Your architect, engineer or project manager will confirm if your project needs a building consent and can apply for one on your behalf. Talk to your council if you are still unsure your project needs a consent.

As a building owner, you are responsible for:

  • deciding if your building work is exempt
  • making sure any exempt building work complies with the Building Code.

You could face heavy penalties if you carry out building work without a consent when a consent was required.

Applying for building consents (Building Performance)

Funding sources for heritage buildings

Heritage New Zealand National Heritage Preservation Incentive Fund

The National Heritage Preservation Incentive Fund encourages the conservation of nationally significant heritage places. The fund is administered by Heritage New Zealand.

The fund is open to private owners and prioritises heritage places of national significance where conservation work is planned and could be improved through extra funding.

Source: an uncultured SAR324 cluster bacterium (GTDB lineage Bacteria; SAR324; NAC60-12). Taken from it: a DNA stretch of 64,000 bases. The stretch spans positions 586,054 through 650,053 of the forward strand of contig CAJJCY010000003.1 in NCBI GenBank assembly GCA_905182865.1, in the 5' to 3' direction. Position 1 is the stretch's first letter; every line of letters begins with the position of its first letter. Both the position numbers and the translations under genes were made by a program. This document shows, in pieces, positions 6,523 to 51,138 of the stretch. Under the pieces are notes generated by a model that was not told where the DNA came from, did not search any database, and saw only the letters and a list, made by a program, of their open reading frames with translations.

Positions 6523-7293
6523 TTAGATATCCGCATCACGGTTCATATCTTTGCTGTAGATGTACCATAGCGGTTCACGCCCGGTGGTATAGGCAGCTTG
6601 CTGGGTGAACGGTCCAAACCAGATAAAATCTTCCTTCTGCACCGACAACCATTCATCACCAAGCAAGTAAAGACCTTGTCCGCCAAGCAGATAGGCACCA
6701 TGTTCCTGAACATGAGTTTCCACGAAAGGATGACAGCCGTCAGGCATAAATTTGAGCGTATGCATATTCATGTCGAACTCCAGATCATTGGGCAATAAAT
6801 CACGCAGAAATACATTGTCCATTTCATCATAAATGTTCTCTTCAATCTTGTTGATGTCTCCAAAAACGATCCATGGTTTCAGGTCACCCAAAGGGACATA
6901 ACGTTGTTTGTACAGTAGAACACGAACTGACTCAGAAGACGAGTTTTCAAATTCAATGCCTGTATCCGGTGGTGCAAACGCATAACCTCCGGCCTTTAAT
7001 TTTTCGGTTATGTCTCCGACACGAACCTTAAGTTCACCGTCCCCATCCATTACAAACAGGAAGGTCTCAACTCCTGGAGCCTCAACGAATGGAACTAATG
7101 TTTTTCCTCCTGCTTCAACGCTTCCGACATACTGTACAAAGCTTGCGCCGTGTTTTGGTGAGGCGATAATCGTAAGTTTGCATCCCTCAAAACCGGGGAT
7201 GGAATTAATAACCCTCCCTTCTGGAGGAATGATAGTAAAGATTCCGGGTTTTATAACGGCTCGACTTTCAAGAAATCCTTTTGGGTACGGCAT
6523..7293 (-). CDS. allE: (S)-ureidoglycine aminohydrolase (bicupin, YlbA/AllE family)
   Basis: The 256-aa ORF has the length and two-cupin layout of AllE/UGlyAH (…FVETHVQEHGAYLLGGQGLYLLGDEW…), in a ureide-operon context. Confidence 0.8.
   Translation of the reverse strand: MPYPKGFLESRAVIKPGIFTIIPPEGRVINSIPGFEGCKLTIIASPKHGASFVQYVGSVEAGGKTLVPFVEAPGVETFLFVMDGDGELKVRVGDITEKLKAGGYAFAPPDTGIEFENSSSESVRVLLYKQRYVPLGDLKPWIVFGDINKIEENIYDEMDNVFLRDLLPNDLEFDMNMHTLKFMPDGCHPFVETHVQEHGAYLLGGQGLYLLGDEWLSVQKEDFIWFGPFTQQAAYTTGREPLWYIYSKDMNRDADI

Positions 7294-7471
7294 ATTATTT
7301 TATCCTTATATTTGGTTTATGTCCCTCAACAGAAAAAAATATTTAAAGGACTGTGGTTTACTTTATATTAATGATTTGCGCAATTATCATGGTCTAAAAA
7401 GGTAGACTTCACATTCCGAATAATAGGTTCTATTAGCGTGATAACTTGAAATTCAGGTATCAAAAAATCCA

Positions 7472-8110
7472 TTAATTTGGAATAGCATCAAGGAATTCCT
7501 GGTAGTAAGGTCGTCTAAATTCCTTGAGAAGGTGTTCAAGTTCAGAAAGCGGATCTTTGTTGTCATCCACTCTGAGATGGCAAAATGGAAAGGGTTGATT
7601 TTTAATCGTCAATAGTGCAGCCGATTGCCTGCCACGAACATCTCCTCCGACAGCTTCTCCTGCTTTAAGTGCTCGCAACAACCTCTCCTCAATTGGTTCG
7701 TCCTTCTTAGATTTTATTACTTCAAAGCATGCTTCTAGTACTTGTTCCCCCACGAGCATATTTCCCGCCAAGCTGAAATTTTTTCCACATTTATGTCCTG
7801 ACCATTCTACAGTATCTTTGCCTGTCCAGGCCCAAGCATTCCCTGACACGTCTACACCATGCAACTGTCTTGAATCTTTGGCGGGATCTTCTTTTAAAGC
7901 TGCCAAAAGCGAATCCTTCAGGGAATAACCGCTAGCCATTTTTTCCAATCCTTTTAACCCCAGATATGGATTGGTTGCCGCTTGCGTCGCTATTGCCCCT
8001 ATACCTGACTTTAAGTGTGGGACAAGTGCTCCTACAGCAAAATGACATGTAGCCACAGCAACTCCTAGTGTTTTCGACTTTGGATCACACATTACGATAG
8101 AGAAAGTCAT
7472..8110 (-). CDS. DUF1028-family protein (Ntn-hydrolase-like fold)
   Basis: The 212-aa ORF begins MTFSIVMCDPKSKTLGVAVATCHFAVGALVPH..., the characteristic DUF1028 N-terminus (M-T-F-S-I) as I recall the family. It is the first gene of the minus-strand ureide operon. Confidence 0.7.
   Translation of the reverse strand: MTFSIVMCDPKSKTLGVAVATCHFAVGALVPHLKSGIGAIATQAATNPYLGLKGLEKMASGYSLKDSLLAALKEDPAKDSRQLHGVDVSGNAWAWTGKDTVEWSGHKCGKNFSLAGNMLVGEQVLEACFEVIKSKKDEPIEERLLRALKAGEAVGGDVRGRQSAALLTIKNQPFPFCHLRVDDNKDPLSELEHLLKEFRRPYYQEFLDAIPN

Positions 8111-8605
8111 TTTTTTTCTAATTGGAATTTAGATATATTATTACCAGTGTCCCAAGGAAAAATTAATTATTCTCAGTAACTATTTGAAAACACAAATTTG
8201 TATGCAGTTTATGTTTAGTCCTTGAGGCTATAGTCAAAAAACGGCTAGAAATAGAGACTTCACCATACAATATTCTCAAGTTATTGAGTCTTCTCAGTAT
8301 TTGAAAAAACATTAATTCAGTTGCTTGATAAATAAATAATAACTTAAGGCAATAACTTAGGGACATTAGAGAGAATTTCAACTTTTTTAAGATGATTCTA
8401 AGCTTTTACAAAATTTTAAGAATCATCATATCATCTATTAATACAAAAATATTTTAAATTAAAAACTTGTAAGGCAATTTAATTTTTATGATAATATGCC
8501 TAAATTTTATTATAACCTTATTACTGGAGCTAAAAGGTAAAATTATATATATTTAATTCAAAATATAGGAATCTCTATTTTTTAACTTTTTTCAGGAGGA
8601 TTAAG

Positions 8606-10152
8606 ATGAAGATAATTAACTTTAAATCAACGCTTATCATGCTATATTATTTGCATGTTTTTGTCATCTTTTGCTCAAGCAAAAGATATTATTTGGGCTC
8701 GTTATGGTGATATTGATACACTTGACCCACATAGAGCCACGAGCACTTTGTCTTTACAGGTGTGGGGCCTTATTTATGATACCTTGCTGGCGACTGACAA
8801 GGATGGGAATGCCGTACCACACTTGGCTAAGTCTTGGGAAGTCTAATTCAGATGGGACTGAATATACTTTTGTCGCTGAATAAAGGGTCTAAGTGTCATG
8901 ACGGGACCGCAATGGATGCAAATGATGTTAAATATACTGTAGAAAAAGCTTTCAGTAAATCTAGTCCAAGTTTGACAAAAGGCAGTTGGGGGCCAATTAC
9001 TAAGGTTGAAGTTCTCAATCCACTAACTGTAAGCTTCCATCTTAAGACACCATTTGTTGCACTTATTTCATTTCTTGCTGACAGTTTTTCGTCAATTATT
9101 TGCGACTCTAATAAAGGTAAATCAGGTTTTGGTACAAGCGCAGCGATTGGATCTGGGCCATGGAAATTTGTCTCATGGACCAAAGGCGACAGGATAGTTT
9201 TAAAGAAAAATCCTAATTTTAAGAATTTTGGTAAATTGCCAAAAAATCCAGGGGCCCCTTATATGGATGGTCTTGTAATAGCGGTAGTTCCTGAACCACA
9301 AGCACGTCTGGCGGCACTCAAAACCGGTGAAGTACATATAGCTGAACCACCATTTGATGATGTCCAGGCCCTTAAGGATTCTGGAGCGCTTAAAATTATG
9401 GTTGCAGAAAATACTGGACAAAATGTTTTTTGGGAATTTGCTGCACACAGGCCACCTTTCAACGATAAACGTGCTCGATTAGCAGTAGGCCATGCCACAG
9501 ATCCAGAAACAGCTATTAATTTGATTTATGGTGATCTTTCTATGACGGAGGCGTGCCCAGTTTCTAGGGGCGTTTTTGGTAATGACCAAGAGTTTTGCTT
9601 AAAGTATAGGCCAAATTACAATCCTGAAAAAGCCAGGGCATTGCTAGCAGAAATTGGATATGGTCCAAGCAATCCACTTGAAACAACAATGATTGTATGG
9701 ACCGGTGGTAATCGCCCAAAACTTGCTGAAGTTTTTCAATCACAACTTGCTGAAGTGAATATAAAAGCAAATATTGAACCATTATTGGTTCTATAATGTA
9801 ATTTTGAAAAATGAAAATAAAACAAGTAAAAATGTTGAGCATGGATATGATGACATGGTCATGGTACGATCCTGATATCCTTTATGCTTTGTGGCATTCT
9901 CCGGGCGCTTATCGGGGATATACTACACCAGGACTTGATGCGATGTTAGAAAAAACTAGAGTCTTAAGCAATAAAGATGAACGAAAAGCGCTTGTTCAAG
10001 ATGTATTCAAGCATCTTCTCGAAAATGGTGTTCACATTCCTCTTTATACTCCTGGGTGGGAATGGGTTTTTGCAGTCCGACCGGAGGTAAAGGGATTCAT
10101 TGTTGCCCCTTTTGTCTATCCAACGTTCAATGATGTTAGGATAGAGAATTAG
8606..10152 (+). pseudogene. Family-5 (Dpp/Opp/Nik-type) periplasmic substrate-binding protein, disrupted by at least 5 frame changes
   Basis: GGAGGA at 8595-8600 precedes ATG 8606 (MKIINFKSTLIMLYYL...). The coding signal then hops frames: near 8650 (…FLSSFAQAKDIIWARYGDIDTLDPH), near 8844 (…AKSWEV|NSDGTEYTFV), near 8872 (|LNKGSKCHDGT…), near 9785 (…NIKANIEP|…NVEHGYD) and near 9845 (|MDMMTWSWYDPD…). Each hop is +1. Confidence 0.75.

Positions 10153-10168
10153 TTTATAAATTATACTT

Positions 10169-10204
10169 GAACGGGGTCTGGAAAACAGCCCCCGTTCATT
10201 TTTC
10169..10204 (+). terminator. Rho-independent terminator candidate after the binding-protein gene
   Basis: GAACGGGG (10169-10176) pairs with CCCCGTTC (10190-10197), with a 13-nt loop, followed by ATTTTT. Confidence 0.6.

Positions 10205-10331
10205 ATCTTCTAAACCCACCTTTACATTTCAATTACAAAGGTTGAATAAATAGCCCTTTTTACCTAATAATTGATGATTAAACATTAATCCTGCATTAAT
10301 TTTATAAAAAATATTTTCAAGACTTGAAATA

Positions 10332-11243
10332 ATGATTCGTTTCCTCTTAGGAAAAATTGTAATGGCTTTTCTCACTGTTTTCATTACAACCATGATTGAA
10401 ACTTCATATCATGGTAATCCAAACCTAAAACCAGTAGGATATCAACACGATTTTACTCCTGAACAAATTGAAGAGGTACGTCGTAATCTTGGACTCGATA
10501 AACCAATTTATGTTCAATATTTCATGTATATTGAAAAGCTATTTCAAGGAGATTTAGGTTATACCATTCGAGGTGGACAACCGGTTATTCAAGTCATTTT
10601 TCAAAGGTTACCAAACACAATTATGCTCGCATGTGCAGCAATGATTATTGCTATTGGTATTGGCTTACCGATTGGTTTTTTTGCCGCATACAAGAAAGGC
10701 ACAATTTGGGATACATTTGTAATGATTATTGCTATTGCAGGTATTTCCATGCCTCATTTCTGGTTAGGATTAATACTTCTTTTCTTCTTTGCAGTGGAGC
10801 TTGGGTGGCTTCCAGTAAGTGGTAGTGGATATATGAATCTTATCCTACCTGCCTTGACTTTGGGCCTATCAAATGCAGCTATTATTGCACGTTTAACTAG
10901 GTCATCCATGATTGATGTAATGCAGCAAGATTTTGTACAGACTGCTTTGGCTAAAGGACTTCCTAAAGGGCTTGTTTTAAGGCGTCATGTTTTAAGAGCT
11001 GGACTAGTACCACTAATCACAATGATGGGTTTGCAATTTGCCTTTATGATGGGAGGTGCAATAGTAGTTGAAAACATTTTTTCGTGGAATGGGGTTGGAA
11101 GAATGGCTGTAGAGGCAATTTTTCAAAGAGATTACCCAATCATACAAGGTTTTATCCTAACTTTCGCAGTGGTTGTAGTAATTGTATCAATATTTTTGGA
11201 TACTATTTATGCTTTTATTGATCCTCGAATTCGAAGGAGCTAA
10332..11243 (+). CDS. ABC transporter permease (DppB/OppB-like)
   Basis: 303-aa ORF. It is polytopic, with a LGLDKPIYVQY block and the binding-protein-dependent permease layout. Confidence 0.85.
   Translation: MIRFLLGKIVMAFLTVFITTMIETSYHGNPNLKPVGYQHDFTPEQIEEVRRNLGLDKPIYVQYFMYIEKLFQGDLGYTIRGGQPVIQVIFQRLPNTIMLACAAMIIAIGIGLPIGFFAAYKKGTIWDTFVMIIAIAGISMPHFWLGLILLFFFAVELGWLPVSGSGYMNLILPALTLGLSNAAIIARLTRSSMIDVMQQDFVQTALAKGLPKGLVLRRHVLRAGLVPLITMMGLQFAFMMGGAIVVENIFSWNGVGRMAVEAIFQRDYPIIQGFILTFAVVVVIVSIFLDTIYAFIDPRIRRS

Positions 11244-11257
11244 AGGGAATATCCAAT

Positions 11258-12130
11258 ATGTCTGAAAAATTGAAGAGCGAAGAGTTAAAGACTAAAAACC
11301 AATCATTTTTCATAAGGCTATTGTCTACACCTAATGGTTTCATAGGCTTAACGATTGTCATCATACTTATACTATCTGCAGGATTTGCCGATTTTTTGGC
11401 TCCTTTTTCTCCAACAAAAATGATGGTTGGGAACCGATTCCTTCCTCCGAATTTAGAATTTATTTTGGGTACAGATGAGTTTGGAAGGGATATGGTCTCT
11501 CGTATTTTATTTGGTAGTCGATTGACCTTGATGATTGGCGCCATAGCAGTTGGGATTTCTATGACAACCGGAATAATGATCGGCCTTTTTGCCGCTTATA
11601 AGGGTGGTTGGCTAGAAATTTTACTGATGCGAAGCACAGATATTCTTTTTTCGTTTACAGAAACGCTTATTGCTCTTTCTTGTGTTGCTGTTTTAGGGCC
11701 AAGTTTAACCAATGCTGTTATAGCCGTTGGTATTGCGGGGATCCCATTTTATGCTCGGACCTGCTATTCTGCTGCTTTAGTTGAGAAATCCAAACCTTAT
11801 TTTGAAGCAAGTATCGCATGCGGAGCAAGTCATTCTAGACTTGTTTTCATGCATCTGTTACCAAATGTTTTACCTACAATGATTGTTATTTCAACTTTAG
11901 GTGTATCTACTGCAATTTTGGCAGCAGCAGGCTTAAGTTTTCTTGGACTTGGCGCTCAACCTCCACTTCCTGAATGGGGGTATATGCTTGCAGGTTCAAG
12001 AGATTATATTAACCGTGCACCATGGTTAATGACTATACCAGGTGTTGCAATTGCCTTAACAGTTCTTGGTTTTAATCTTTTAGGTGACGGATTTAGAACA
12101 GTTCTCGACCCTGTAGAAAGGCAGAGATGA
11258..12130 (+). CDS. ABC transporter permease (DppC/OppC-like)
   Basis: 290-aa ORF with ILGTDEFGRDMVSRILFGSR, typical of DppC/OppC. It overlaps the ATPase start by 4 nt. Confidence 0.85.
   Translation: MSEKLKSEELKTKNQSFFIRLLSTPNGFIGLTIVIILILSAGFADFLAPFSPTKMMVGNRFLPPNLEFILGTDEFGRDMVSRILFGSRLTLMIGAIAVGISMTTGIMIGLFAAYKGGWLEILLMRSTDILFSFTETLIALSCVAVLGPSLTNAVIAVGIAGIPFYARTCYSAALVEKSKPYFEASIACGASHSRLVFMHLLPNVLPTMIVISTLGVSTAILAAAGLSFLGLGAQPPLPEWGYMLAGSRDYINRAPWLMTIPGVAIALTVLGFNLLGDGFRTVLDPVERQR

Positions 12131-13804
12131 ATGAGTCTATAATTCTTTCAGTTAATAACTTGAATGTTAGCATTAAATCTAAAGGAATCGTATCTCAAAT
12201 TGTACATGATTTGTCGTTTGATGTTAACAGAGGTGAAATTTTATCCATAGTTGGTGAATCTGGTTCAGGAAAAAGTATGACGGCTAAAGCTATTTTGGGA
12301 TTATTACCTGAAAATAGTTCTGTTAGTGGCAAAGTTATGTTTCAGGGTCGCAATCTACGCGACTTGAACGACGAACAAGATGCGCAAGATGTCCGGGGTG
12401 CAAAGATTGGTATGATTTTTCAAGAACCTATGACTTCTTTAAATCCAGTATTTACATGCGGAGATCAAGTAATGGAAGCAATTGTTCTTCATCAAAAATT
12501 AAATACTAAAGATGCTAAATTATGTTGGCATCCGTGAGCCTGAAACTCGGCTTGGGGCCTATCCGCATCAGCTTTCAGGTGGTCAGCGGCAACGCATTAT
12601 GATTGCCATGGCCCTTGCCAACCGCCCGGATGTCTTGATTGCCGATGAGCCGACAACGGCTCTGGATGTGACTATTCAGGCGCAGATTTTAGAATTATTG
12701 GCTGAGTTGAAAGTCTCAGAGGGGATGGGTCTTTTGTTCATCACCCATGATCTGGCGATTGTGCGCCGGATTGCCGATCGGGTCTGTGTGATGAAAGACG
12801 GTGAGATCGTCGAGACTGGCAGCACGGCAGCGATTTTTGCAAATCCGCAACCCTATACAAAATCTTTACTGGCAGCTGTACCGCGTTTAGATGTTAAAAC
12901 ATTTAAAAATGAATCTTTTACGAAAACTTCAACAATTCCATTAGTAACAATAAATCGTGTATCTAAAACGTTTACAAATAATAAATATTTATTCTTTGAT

In general, if your building is on the New Zealand Heritage List, you are eligible for Heritage New Zealand funding.

National Heritage Preservation Incentive Fund (Heritage New Zealand)

Regional Culture and Heritage Fund

We administer the Regional Culture and Heritage Fund (RCHF). It provides grants for not-for-profit organisations (including councils) that own buildings which are used for art gallery, whare taonga, museum, performing arts, or heritage purposes.

Funded projects can be for heritage or newer buildings, and include seismic strengthening, renovating, restoring, adding to, or constructing buildings.

The projects must be focused on improving the existing building stock or adding new buildings to our arts, cultural and heritage infrastructure.

Regional Culture and Heritage fund

Kānoa – Regional Economic Development & Investment Unit

Kānoa – Regional Economic Development & Investment Unit aims to lift productivity potential in the provinces by:

  • enhancing economic development opportunities
  • creating sustainable jobs
  • enabling Māori to reach their full potential
  • boosting social inclusion and participation